Now flickering golden through a woodland screen,
Then spreading out, at his next turn beyond,
A silver circle like an inland pond--
Slips seaward silently through marshes purple and green.

Dear marshes! vain to him the gift of sight
Who cannot in their various incomes share,
From every season drawn, of shade and light,
Who sees in them but levels brown and bare;
Each change of storm or sunshine scatters free
On them its largess of variety,
For Nature with cheap means still works her wonders rare.

In Spring they lie one broad expanse of green,
O'er which the light winds run with glimmering feet:
Here, yellower stripes track out the creek unseen,
There, darker growths o'er hidden ditches meet;
And purpler stains show where the blossoms crowd,
As if the silent shadow of a cloud
Hung there becalmed, with the next breath to fleet.

All round, upon the river's slippery edge,
Witching to deeper calm the drowsy tide,
Whispers and leans the breeze-entangling sedge;
Through emerald glooms the lingering waters slide,
Or, sometimes wavering, throw back the sun,
And the stiff banks in eddies melt and run
Of dimpling light, and with the current seem to glide.

In Summer 'tis a blithesome sight to see,
As, step by step, with measured swing, they pass,
The wide-ranked mowers wading to the knee,
Their sharp scythes panting through the wiry grass;
Then, stretched beneath a rick's shade in a ring,
Their nooning take, while one begins to sing
A stave that droops and dies 'neath the close sky of brass.

Meanwhile that devil-may-care, the bobolink,
Remembering duty, in mid-quaver stops
Just ere he sweeps o'er rapture's tremulous brink.
And 'twixt the winrows most demurely drops,
A decorous bird of business, who provides
For his brown mate and fledglings six besides,
And looks from right to left, a farmer mid his crops.

Another change subdues them in the Fall,
But saddens not; they still show merrier tints,
Though sober russet seems to cover all;
When the first sunshine through their dew-drops glints,
Look how the yellow clearness, streamed across,
Redeems with rarer hues the season's loss,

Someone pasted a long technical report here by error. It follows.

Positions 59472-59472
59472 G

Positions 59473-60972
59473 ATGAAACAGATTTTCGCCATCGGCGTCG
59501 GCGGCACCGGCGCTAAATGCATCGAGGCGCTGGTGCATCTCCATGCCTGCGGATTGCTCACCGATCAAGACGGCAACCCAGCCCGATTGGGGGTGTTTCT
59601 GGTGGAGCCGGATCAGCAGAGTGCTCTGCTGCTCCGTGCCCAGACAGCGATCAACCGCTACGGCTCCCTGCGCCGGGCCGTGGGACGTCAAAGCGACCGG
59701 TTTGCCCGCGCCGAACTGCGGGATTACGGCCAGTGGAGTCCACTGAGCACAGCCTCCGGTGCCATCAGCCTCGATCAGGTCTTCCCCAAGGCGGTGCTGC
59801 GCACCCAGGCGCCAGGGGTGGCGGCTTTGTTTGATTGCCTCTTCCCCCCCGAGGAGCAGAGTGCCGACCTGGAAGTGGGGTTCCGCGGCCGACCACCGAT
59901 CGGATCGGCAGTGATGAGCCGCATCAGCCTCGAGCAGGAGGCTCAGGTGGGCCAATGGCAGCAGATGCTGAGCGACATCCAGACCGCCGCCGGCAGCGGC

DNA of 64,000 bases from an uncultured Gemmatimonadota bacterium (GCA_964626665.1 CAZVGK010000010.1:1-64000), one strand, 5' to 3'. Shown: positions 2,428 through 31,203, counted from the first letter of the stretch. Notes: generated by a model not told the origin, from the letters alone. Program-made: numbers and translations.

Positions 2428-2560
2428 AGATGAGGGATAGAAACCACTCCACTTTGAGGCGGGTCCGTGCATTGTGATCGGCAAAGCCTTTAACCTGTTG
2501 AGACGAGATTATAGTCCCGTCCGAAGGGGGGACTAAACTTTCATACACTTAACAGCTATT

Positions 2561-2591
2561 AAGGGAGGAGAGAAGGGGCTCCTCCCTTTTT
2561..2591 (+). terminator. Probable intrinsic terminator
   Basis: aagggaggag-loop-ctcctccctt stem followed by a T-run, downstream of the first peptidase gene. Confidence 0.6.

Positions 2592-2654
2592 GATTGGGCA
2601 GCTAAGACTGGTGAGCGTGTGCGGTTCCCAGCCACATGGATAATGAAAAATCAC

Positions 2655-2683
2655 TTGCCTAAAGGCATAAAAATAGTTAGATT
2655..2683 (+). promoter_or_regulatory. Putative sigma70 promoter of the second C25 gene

As Dawn's feet there had touched and left their rosy prints.

Or come when sunset gives its freshened zest,
Lean o'er the bridge and let the ruddy thrill,
While the shorn sun swells down the hazy west,
Glow opposite;--the marshes drink their fill
And swoon with purple veins, then slowly fade
Through pink to brown, as eastward moves the shade,
Lengthening with stealthy creep, of Simonds' darkening hill.

Later, and yet ere Winter wholly shuts,
Ere through the first dry snow the runner grates,
And the loath cart-wheel screams in slippery ruts,
While firmer ice the eager boy awaits,
Trying each buckle and strap beside the fire,
And until bedtime plays with his desire,
Twenty times putting on and off his new-bought skates;--

Then, every morn, the river's banks shine bright
With smooth plate-armor, treacherous and frail,
By the frost's clinking hammers forged at night,
'Gainst which the lances of the sun prevail,
Giving a pretty emblem of the day
When guiltier arms in light shall melt away,
And states shall move free-limbed, loosed from war's cramping mail.

And now those waterfalls the ebbing river
Twice every day creates on either side
Tinkle, as through their fresh-sparred grots they shiver
In grass-arched channels to the sun denied;
High flaps in sparkling blue the far-heard crow,
The silvered flats gleam frostily below,
Suddenly drops the gull and breaks the glassy tide.

But crowned in turn by vying seasons three,
Their winter halo hath a fuller ring;
This glory seems to rest immovably,--
The others were too fleet and vanishing;
When the hid tide is at its highest flow.
O'er marsh and stream one breathless trance of snow
With brooding fulness awes and hushes everything.

The sunshine seems blown off by the bleak wind,
As pale as formal candles lit by day;
Gropes to the sea the river dumb and blind;
The brown ricks, snow-thatched by the storm in play,
Show pearly breakers combing o'er their lee,
White crests as of some just enchanted sea,
Checked in their maddest leap and hanging poised midway.

But when the eastern blow, with rain aslant,
From mid-sea's prairies green and rolling plains
Drives in his wallowing herds of billows gaunt,
And the roused Charles remembers in his veins
Old Ocean's blood and snaps his gyves of frost,